I’m sending this to much fewer people than previous emails. Yes, a select audience that already knows I’m a nutter. Reason being: I have moved past assimilating verifiable information and am mostly just guessing what will happen next. (more so with each email) However, I have to say my analysis of the possible outcome thus far has been pretty close, and has been backed up by official statements. Not that I arrived to the conclusions on my own but my point is I wasn’t misleading. Ex: Possibility of fission in spent fuel rods, possibility of fallout reaching US.
Anyway, now I’m gonna go off the deep end. There’s a guy named Jim Berkland(sp?) – I THINK his site is Syzygyjob.com – who used to work for USGS but was let go when he expressed some fringe opinions and had them printed in the paper. He believed in a connection between tidal forces and earthquakes, and even believed that mass changes in animal behavior could be indicators of quakes. Based on those factors, he predicted the Ca quake during the world series. He was with, I think, a few days of the actual quake. Understandably, though, the USGS didn’t want to be associated with his ‘predictions’. I don’t think his methods are unscientific. All science is based on observations that uncover patterns, and then further investigation and experimentation to determine causes. Then again, the causes he claims to have identified may be hooey! You decide.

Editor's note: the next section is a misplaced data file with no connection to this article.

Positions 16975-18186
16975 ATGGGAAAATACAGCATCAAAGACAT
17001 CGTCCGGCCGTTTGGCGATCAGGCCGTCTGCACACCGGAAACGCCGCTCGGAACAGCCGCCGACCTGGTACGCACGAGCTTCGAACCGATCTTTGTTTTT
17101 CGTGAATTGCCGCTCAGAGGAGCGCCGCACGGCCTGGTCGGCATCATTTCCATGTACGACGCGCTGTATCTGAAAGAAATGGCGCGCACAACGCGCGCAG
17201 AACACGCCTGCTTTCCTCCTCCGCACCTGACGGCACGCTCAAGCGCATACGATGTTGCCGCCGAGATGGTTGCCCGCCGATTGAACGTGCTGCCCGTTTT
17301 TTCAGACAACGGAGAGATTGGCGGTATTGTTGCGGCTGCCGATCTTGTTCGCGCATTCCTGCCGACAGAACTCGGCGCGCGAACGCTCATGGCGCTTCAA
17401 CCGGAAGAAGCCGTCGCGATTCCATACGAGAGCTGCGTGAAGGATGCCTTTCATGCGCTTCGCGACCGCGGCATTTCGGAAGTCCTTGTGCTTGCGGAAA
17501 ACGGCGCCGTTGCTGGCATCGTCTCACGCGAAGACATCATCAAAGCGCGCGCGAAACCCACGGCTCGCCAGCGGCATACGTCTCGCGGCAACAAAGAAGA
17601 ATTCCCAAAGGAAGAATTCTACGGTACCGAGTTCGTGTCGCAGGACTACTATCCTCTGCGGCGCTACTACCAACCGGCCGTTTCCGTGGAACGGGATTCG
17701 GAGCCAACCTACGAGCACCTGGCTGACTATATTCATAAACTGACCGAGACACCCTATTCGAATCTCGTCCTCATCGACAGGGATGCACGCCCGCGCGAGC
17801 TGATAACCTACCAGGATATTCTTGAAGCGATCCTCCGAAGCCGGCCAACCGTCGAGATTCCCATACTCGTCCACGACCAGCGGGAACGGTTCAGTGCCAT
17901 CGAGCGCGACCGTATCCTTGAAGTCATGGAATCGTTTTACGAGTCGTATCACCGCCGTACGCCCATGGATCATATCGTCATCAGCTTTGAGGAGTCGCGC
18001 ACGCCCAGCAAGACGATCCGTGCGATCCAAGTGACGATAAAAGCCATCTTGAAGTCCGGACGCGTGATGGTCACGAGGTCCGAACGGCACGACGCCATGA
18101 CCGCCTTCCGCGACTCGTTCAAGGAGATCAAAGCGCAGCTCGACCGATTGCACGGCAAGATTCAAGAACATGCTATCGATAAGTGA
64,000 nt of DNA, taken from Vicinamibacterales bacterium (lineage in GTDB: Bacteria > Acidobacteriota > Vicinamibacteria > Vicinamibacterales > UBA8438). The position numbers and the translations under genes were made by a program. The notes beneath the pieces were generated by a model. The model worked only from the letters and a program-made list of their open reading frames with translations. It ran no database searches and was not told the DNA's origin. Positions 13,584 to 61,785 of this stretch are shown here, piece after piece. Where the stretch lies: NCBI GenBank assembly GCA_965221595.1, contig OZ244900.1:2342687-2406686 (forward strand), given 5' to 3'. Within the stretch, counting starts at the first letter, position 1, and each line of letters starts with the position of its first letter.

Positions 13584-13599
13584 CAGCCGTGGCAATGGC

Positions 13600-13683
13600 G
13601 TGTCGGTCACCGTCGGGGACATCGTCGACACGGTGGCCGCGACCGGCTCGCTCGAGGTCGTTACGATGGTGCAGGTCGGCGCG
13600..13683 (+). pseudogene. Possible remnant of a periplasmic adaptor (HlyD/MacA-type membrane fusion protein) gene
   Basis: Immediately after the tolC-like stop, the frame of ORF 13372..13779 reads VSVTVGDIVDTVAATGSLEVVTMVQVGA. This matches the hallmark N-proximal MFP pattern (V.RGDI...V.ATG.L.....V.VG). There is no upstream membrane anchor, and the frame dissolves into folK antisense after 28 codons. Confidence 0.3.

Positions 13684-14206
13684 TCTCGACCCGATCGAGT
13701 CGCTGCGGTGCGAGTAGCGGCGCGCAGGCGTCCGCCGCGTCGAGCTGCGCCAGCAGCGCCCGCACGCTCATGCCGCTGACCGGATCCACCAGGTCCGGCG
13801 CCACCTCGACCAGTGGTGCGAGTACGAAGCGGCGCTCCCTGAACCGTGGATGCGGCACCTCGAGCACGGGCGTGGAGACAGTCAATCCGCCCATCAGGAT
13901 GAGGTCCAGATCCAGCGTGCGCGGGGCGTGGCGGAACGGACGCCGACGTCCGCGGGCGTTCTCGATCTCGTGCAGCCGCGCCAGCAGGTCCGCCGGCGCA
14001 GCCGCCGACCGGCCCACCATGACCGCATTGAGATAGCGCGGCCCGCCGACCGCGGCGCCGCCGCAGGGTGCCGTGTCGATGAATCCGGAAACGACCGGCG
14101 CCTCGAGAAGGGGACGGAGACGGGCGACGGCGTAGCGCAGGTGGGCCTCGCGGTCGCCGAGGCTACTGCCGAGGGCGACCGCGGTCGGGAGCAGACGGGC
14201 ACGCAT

I only bring this guy up because he is again saying that there is some sort of tidal maximum occurring in the Pacific on March 19th. He believes there will be another large earthquake on the west coast of the US. That’s it. Hope he’s wrong! Hear him for yourself:
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Old 03-17-2011, 02:21 AM  
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St Louis, MO
Join Date: Dec 2010
Posts: 23 | Kudos: +10
(continued...)



I’m not doing a good job of keeping up anymore, but a few things worth mentioning are:

Today, after having sent a representative to Japan to observe the situation on the ground, the chair of the US Nuclear Regulatory Commission stated that the #4 reactor’s spent rod cooling pool was completely dry. TEPCO denied that statement.